Help with the neighbours

I've got some advice for relationships with neighbours

Go to the profile of Martin Weaver
Mar 08, 2017
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Actually you could use this for the 'neighbour' in your head.

We live in a subjective world and maybe the question is "what's mine and what's yours?'

A little more detail might help. One of the most important points about how we understand the world is the meaning that we place on, well virtually everything. As we grow and develop so we create inside ourselves a representation of the world, a model, a map. It is subjective, this means that it’s personal and is the collection of all our feelings, beliefs, desires, values and motivations. These qualities are built from our experiences and of course the most intimate experiences are those that come from within the family. This is where the map provides various ‘templates’ of how to behave in every situation and what is expected of us. The question is, do we update these templates?

To understand and be honest, about what bothers us in someone else’s behaviour, we have to become aware of our own subjective world, the map and its various templates. We need to know that we have a set of beliefs and values that give our lives meaning and, as importantly, that other people may well have different ones. You can see this is very young children in what is known as the Theory of Mind. Up to a certain age, around 2 years old, children have very little idea that other people have different ideas. The ‘terrible twos’ is often attributed to the idea that this is frustration where the toddler is coming up against people who certainly have different ideas and they have no strategies to deal with that.

To get beyond, or indeed to act in certainty, that others are ‘wrong’ or ‘right’ we have to have a clear idea of not only what are our values but also where they come from, what is the template exactly? Then we can decide how strongly we want to hold onto them. The next stage is to move out of this 'black and white' thinking to make a decision on how much it matters that a person is wrong or right or just different. Dare I say a few 'shades of grey' or even other colours?

Finally, we have to develop the ability to be empathic and realise that others have gone through a subjective journey themselves creating their own maps and templates to discover what is right and wrong for them. A question I often ask in confusing situations is “What has to be true for this person that they would think / behave like this?” This then gives me an insight into their representation of their world which I can test out. Choosing to challenge or to agree is then the next step……….

It's an article with Cass Green here on the psychologies web site: https://www.psychologies.co.uk/five-ways-be-good-n...

Go to the profile of Martin Weaver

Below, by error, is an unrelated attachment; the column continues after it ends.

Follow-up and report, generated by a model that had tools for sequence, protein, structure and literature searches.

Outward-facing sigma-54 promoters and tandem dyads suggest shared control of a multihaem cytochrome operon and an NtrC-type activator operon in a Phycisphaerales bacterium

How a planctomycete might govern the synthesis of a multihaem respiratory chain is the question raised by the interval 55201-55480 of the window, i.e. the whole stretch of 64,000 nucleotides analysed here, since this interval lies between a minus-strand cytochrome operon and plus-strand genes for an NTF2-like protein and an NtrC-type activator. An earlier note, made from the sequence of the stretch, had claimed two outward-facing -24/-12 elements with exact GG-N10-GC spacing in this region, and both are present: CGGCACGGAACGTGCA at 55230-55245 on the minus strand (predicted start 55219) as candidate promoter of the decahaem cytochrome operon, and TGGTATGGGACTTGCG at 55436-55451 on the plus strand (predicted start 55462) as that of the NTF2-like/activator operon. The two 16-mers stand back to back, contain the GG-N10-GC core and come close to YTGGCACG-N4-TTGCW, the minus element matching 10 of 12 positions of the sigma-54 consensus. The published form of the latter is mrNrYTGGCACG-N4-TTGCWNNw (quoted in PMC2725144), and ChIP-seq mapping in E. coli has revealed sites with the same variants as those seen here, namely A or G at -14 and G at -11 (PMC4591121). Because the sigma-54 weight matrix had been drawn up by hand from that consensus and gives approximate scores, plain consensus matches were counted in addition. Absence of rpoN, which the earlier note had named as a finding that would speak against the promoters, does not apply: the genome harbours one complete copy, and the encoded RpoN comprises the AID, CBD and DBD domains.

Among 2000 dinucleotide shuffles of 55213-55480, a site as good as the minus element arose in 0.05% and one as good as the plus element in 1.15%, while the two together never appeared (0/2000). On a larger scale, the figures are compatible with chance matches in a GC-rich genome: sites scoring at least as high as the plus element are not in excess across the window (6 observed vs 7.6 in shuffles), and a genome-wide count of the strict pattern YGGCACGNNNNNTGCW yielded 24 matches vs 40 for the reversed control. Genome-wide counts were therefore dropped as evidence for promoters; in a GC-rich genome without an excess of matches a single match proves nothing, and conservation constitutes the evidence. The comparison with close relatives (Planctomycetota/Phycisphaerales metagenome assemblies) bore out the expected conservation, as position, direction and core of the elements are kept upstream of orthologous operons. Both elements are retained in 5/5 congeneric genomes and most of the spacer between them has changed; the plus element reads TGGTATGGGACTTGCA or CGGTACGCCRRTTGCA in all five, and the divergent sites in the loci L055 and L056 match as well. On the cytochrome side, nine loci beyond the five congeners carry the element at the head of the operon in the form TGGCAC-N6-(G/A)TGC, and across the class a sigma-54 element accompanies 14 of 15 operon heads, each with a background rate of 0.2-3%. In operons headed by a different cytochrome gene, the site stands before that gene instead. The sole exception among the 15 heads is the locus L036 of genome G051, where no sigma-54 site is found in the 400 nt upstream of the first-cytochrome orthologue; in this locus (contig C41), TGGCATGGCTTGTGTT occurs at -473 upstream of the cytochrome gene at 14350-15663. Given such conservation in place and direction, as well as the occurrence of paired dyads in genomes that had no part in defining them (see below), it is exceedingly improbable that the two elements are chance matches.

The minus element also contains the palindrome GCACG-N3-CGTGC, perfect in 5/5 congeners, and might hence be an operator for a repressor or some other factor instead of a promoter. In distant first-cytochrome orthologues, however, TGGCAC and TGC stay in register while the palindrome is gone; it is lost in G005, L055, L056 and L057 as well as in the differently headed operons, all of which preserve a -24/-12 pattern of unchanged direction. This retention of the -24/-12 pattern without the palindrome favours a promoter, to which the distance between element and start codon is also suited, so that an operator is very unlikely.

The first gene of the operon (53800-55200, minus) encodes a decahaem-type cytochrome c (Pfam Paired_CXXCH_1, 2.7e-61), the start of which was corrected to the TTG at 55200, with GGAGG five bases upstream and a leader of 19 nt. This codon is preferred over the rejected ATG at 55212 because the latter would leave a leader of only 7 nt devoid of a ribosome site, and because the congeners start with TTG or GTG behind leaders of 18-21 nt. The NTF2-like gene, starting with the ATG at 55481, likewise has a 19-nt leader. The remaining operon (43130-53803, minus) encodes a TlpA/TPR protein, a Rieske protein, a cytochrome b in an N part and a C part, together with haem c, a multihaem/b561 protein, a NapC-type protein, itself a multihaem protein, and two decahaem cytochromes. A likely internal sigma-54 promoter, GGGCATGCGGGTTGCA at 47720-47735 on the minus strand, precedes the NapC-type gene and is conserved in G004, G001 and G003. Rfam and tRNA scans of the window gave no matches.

Martin Weaver

Martin works as a UKCP registered Constructivist Psychotherapist, Supervisor and trainer, using Neuro Linguistic Psychotherapy, (NLPt). He is qualified to Master Practitioner standard in NLP and is an INLPTA certified NLP trainer. He holds a Postgraduate Certificate in the supervision of counsellors from the University of Birmingham. He provides psychotherapy, counselling, coaching and supervision to individuals and couples at his practice in West London and is involved in several psychotherapy / counselling and supervision training programmes. ​ In the early1980s Martin was a volunteer with the Terrence Higgins Trust. Taking the first call on the helpline he was instrumental in setting the foundations for the first response to the AIDS crisis. He developed support, advice and counselling services for those people who were affected and traumatised at the beginning of the crisis. ​ During an 11 year career in the NHS he piloted the Primary Health Care Team training development programme in the South West Thames region, as well as developing and implementing a Health Promotion Officer’s training programme. He has worked at senior manager level at Regional and District level and has been responsible for commissioning new services and leading on the development of drug and alcohol and sexual health services. ​ Between 2002 and 2004 Martin was the Vice Chair, then Chair, of the professional organisation that seeks to maintain standards and develop the skills of Neuro Linguistic Psychotherapists and Counsellors, the Neuro Linguistic Psychotherapy and Counselling Association, (NLPtCA). He is a past member of the Training, Education & Practice Committee of the United Kingdom Council for Psychotherapy and has helped in the re-shaping of its structure. ​ Martin provided psychological support, supervision and training to the staff and counsellors at the 7th July Assistance Centre. The centre provided psychotherapy, guidance and support to people who were affected by the London bombings in 2005, later taking on 16 further terrorist incidents and disasters. Building on his established training experience Martin created and delivered a series of workshops for the counsellors and support staff. From October 2010 to March 2011 he supervised the small team providing psychosocial support to the families and witnesses throughout the Coroner’s Inquests into the London Bombings. ​ From 2001 to 2011 he provided training, consultancy and supervision to the volunteer counsellors at Brent Bereavement Services & Bereavement Services for Hounslow. Currently he delivers courses for student psychotherapists to facilitate their UKCP accreditation.

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